Currently viewing the tag: "Wireless networking"


I’ve seen these Wave Glider Robots in the news and they were highlighted during the Discovery Channel’s Shark Week.  Researchers have been using them to track and transmit the significant amount of information collected from tagged Great White sharks.  These sea going robots are only the beginning for the change in the deep penetration of the ocean and sea domain.  Being able to track and collect data autonomously from the ocean will unlock significant areas of additional exploration for the next several decades.

Clearly there are massive ramifications for my Oceanography counterparts in the direct sensors and data collection.  But from a communicators perspective there are significant additional ramifications.  Most individuals have experienced the lack of network penetration while sailing aboard their favorite Cruise-liner in a distant vacation hot spot.  The wave gliders are already equipped with traditional 802.11 wireless, have GSM for further from shore operations, then shift to BGAN, and Iridium as a final communication capability.  Obviously it would need to be slightly modified for mesh network use but if wave gliders were equipped with the ability to create a mesh network infrastructure it would be massively significant.   By using wave bots programmed for station keeping  they could create this physical mesh network.  This would be similar to the much larger anchored navigational buoy’s which have been the maritime technology of choice for nearly a century.

Yet with the Wave Gliders ability to travel without fuel requirements, beyond that of solar and wave power both of which are fully renewable, these bots can become effectively anchored throughout the ocean.  Imagine what could be collected, processed, and analyzed from that point?  Much more than shark tracking - however awesome!

Don’t forget to grab the free iOS application: Shark Net - Predators of the Blue Serengeti

If you’re a fan of Shark Week like I am, check out the 4D Shark Anatomy Puzzle from the Discovery Store (Free Shipping on orders over $75 at the Discovery Channel Store, use code AFFSHIP75).

[via Liquid Robotics]

If you’re like me you’re looking to make things a bit easier at home but at the same time make utility costs lower while not breaking the bank to do it.  Enter the Belkin WeMo into the home automation arena.  The WeMo Switch ($50) provides the ability to activate lights or any electronic device to turn on or off on a schedule it provides what we immediately expect from a simple device.  But the Belkin WeMo goes further.  It has the capability of motion sensing, WeMo Switch + Motion ($100), which will activate desired devices and lights as a family member enters a room and transitions through the others (with multiple WeMos).  Obviously this is most immediately applicable to lighting applications or even area fans to cool down a house but you could use it to kill off vampire power devices (the power plugs and other items that simply consume power when not in use yet plugged in).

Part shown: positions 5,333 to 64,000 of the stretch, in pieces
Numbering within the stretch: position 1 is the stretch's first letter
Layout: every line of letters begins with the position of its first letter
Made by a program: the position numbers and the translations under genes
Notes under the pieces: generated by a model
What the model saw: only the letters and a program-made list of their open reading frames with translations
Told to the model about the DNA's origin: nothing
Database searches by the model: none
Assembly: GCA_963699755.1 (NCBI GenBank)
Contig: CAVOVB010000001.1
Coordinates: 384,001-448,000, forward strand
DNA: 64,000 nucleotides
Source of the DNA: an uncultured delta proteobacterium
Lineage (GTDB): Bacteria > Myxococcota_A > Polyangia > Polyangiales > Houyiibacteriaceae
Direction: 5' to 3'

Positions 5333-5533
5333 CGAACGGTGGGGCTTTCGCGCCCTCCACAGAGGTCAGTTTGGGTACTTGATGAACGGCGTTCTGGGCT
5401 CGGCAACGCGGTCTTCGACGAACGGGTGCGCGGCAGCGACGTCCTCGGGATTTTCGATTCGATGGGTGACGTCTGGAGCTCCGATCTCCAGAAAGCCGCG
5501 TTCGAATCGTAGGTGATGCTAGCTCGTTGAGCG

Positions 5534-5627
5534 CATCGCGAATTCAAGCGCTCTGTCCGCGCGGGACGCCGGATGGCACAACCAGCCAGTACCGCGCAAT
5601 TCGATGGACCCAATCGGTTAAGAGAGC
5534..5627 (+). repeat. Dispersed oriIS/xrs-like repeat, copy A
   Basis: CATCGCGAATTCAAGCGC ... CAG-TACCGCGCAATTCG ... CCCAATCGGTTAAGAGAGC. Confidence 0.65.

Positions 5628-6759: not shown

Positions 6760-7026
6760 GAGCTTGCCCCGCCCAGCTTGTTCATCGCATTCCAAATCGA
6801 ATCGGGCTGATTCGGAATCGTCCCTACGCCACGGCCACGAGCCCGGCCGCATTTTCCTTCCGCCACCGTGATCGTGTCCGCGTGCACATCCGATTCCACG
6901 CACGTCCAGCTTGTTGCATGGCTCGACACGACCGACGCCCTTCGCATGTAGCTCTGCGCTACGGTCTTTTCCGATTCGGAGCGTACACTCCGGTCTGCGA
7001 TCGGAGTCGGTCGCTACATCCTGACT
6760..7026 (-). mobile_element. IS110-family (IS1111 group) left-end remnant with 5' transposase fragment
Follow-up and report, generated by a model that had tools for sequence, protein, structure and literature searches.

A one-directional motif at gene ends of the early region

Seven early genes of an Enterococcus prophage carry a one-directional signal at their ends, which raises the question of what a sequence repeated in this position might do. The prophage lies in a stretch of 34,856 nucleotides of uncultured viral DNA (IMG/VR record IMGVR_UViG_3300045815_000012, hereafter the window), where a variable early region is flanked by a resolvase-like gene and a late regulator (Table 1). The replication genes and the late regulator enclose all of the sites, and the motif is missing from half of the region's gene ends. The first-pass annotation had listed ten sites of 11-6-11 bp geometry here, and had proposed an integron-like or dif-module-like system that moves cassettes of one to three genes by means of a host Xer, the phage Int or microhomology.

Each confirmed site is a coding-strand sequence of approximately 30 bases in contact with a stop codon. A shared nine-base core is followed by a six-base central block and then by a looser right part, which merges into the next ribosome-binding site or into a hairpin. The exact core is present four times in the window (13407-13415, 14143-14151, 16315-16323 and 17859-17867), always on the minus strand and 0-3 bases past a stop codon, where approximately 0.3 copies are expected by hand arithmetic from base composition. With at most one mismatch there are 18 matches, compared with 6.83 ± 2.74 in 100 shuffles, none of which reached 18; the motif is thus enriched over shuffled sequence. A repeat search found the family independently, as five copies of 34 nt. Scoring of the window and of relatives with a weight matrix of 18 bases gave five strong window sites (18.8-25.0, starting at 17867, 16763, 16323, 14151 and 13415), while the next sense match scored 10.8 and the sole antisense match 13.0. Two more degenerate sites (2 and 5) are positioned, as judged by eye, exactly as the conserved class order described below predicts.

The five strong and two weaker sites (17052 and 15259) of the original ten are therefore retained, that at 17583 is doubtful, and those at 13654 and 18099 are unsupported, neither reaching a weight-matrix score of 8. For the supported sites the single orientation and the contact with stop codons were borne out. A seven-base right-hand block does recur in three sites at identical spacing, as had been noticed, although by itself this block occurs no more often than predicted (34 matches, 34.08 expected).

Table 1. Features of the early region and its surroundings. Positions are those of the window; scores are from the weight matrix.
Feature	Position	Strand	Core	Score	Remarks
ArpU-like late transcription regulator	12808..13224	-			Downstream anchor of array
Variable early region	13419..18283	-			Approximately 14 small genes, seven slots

If you don’t desire to place these items on a set schedule you can have full control over them via the iOS application which allows you to remotely turn WeMo’d devices on or off from your iPhone or iPad.  This network ability then provides some additional features with IFTTT (If This Then That).  This allows for notification via email when the motion sensing capability of WeMo is activated with something like a front door light or even the IFTTT Weather Channel interaction to determine sunset/sunrise and the activation of WeMo’d lights.

From this Cyber Fellows perspective this is an excellent step toward the internet of things.  What I’d like to see WeMo integrated with Belkin’s Conserve devices to provide power analytics.  This would then allow for an automation and control function on top of the power analytics (Air Conditioning just turned on when no one is home).  I’m surprised I didn’t see this at CES even though it was there; what I did notice is the numerous devices and companies that are getting into home device automation so Belkin will need to be innovative to stay ahead of the pack in this area.

[via Belkin]

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